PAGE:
Gene expression in muscle of hibernating grizzly bears differed considerably from that in ground squirrels during torpor or interbout arousals51. For example, we found very little change in genes involved in muscle ß-oxidation (e.g., ACADS, ACADVL, ACAD10, HADHA, etc.). Only ECH1 was similar in bears and squirrels in that it was upregulated in hibernation. Additional disparities were observed for genes involved in fatty acid metabolism (e.g. FABP3, ACOT1, ACSL), protein synthesis (e.g. AKT1, MTOR), IGF signaling (e.g., IGF1,2), and protein degradation (e.g., FOXO1,3, ZFAND5). In adipose (white adipose), the similarities between bears and ground squirrels were limited to FABP4 (no seasonal changes) and up-regulation of HMCS255. An increase in albumin (ALB) expression was observed in squirrel adipose55. Although we did not find this in bear adipose, liver expression of ALB was significantly increased during hibernation (Supplementary Data 2), consistent with previous observations in brown bears9. Thus, the major carrier of serum lipids to tissues, elevated albumin could provide increased fuel to tissues even without stimulating lipolysis. It appears that different strategies have evolved in bears for lipid metabolism and protein synthesis and breakdown during hibernation. This difference is further illustrated by the failure of bears to develop hyperketonemia or ketoacidosis during hibernation compared to squirrels and fasting humans56,57.

Whether a common hibernation signature exists between these different species is still unclear. Nevertheless, by gaining a greater understanding of the cellular adaptations, both unique and shared, by different hibernating species one can envision new treatments being developed for human ailments, such as obesity, type 2 diabetes, atherosclerosis, and chronic kidney disease7,9,20. However, it is important to note that gene expression does not necessarily reflect protein levels and fails to capture phosphoproteomic changes which may have substantial impact on a given pathway. While expression is useful for identifying possible regulatory mechanisms (i.e., long non-coding RNAs), future proteomic and enzymatic functional studies will be necessary to develop a more holistic understanding of hibernation.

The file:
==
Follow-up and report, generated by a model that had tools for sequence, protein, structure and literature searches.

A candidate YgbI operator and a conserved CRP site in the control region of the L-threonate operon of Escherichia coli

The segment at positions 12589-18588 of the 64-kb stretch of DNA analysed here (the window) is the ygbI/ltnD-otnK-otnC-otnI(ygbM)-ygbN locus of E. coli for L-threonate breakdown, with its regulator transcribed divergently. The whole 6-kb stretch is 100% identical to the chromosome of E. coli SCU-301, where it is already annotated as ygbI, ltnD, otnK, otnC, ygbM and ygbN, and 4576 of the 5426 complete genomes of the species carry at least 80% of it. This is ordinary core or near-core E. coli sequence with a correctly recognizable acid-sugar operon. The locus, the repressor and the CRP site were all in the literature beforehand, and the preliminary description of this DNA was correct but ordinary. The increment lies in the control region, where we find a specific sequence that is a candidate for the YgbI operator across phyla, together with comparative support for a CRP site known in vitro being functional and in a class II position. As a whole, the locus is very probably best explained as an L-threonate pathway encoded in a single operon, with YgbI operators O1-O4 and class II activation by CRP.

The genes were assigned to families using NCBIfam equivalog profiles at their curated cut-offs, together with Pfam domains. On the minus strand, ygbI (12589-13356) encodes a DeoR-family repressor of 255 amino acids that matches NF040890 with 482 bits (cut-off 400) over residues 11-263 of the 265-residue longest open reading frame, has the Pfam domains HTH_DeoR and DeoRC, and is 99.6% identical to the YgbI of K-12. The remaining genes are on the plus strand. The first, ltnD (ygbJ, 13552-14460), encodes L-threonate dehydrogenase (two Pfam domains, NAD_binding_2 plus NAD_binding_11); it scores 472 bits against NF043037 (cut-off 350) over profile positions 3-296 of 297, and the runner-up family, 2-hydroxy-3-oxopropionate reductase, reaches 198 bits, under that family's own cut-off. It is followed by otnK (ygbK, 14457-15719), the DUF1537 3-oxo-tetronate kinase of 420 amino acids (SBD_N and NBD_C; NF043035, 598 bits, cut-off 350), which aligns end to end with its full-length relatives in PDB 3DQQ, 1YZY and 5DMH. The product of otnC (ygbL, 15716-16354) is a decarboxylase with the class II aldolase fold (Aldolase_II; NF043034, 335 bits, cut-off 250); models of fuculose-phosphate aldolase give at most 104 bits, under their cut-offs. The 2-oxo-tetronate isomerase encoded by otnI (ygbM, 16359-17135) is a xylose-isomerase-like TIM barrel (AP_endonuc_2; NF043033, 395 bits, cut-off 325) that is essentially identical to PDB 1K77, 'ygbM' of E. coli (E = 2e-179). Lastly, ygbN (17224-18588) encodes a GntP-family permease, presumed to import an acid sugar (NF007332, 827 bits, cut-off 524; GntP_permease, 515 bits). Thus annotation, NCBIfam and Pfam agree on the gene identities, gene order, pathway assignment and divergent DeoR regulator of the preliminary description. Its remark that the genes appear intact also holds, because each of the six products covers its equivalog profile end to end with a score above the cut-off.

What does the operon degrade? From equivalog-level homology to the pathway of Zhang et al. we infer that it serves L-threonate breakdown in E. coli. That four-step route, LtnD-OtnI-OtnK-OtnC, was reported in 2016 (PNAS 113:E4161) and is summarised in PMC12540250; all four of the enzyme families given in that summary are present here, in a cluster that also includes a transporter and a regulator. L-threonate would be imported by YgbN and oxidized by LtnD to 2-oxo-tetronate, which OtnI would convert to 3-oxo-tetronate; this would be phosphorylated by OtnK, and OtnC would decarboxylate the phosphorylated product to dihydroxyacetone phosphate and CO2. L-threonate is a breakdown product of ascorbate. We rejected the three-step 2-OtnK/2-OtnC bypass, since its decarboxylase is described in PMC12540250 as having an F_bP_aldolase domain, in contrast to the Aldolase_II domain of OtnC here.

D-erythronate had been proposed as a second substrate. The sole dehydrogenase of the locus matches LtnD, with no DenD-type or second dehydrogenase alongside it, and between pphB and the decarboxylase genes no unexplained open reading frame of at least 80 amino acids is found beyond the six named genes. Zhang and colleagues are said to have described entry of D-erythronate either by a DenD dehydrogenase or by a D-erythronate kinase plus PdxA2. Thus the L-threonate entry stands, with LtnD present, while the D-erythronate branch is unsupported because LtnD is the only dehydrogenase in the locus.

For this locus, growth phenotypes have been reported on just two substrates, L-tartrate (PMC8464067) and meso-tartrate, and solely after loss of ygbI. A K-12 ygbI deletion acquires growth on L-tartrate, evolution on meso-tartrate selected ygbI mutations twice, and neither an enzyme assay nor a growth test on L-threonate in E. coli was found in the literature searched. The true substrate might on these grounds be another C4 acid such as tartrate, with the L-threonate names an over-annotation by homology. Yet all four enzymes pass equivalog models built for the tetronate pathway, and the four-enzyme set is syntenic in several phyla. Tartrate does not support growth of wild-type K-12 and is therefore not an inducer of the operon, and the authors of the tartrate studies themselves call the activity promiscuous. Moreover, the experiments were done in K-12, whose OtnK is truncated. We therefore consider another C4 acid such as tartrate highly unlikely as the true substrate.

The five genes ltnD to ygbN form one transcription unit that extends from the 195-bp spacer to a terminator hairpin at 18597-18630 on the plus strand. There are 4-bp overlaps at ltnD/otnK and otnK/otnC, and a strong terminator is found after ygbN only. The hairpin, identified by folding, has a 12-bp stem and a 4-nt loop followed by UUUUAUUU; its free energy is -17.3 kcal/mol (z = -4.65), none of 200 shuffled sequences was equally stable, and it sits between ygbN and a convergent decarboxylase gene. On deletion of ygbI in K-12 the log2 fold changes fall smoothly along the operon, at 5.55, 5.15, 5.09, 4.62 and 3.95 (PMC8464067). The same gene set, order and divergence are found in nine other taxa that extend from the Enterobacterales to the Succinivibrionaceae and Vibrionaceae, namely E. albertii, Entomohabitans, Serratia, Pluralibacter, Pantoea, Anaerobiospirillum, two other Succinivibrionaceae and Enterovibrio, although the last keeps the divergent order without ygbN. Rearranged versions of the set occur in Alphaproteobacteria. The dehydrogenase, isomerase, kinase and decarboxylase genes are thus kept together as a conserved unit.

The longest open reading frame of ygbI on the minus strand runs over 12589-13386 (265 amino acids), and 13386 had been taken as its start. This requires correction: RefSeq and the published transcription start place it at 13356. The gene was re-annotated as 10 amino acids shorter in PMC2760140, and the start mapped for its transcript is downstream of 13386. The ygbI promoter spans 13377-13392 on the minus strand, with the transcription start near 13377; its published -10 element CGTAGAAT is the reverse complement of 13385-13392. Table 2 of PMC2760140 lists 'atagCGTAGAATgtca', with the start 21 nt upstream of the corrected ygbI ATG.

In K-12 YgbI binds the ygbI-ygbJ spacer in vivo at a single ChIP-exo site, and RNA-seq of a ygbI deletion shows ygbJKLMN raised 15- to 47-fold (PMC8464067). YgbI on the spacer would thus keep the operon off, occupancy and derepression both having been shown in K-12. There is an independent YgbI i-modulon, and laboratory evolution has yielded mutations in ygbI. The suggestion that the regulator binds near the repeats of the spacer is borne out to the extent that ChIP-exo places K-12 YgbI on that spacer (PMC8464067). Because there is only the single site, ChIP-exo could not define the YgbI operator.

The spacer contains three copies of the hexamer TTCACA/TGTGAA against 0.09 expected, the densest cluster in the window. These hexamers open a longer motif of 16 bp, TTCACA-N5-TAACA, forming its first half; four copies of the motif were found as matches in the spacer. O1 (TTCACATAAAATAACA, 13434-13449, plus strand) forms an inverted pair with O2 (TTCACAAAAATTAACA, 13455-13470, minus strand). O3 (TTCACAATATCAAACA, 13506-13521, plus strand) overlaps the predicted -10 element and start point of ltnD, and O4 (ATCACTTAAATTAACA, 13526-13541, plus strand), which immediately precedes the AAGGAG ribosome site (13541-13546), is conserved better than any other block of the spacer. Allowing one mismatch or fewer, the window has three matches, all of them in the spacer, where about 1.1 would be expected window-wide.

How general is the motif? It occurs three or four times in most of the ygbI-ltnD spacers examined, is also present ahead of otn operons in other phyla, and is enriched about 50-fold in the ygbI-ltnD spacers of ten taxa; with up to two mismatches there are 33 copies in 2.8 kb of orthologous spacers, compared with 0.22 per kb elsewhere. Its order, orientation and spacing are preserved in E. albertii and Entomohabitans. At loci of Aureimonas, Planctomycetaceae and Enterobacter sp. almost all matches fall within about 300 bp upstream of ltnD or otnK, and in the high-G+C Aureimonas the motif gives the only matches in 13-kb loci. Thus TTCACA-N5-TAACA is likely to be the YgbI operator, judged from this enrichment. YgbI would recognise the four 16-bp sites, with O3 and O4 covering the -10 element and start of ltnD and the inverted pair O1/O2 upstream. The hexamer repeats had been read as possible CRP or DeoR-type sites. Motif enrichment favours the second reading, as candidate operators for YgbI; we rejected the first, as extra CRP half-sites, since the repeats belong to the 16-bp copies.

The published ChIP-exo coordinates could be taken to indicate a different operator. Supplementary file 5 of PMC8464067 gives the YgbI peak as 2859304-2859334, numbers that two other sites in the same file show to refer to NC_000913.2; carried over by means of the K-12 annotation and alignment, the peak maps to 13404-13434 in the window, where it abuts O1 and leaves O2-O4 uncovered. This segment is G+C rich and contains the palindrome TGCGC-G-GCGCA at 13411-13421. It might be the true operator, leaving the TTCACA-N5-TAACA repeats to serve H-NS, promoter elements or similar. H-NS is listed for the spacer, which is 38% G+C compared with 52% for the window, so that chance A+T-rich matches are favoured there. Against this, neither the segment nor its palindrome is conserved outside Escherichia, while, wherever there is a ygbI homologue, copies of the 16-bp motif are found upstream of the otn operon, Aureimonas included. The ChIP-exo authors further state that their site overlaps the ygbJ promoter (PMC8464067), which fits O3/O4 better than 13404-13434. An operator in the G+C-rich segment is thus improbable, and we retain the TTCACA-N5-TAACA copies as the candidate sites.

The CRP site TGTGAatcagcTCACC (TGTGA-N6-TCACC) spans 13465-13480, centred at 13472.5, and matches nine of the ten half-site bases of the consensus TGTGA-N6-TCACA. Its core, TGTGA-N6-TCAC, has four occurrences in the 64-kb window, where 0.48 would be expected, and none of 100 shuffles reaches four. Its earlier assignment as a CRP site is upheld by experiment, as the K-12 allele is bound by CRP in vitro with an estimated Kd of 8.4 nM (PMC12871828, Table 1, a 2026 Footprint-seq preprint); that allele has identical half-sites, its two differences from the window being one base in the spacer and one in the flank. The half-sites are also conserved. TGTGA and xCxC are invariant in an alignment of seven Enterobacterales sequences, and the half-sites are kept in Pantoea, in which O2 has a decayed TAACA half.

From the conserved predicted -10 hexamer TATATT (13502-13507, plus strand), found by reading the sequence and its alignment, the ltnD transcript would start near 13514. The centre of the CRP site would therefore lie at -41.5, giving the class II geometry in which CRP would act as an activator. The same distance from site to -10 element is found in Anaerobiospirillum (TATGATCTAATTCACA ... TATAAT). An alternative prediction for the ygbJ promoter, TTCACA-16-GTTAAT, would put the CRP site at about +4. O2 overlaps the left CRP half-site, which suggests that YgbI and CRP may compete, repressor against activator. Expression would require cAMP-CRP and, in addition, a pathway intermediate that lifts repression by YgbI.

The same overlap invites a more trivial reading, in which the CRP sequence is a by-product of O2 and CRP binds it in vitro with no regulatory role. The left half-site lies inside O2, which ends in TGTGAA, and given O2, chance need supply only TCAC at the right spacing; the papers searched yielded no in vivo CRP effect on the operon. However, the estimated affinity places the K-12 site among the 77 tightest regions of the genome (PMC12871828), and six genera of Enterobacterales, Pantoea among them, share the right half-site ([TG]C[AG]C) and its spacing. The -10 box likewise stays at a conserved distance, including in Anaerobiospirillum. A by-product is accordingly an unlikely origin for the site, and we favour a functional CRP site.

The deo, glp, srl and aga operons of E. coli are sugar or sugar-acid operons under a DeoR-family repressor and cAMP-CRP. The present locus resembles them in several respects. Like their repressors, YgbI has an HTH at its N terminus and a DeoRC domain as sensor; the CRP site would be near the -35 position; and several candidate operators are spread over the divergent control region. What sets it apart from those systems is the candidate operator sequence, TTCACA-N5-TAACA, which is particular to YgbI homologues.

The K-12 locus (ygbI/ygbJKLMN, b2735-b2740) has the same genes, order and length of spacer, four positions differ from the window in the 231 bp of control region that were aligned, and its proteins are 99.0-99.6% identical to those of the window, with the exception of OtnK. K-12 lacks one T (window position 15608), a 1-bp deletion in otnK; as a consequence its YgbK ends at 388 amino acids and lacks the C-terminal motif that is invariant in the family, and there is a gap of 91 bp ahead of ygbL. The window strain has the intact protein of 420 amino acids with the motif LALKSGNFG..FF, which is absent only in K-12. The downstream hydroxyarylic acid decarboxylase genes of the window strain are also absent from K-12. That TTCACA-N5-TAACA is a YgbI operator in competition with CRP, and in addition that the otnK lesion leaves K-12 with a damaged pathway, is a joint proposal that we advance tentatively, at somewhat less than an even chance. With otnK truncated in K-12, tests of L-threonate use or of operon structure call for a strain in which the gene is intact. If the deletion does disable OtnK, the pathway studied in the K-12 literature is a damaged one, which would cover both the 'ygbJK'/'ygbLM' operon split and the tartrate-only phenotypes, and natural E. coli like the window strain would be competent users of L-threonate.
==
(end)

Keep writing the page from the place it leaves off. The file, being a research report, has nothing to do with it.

Based on the extensive changes in tissue expression profiles that occur between active, hyperphagia, and hibernation states in grizzly bears, our results suggest a far more complex regulation of cellular function. Clearly, a vast and tissue-specific network of genes underlies the distinct seasonal and reversible phenotype of bears. A deeper understanding of the intricacies involved in these seasonal changes could provide a platform from which to explore reversible adaptations. This information could have direct implications for the treatment of metabolic diseases, the discovery of potentially novel mediators of metabolic homeostasis, and treatment of a variety of muscle wasting pathologies.


Animals and facilities

Captive grizzly bears were housed at the Washington State University Bear Research, Education, and Conservation Center in Pullman, WA. Bears were active from mid-March to early November. During the active season bears were fed a base diet consisting of Hill’s Science Diet® dry adult dog food (21% protein, 12.5% fat, 3% fiber, 10% moisture, 400 IU/kg vitamin E, 85 mg/kg vitamin C, 2.5% omega-6 fatty acids; energy content 3659 kcal ME/kg; Hill’s Pet Nutrition, Topeka, KS) supplemented daily with fresh fruit and meat or fish. During this period all bears had access to a 0.56 ha irrigated, outdoor enclosure containing abundant forbs and grasses and both indoor pens (3m × 3 m × 2.5 m) and outdoor runs (3 m × 3 m × 5 m). In October, food availability was reduced and then discontinued by early November. Bears hibernated in their home dens with access to runs, water ad libitum, and straw bedding. Bears were exposed to natural temperature and light conditions throughout the year. Animals were maintained according to the American Society of Mammalogists’ guidelines58 and the Bear Care and Colony Health Standard Operating Procedures. All procedures were approved by the Washington State University Institutional Animal Care and Use Committee. Specific details regarding housing, diet, and care of bears can be found in ref. 8.

Sample collection

Samples were collected from six bears (2 females, 4 males, ranging from 5 to 13 years old) in May 2015, late September 2015, and January 2016, to represent the summer active, autumn hyperphagic, and winter hibernation periods, respectively. Muscle, liver, and adipose tissue samples were collected for a total of 54 samples. Bears were first anesthetized using the protocol described in ref. 59. Subcutaneous adipose samples were collected using a 6 mm punch biopsy (Miltex, York, PA, USA) as described in ref. 8, while skeletal muscle (gastrocnemius) and liver tissue samples were collected with a 14G tru-cut biopsy needle (Progressive Medical International, Vista, CA, USA). Samples were immediately flash frozen in liquid nitrogen and transferred to a −80 °C freezer, where they were stored until RNA extraction. All samples were collected between 0800 and 1200 hours. Procedures for all experiments were approved by the Institutional Animal Care and Use Committee at Washington State University (Protocol #04922).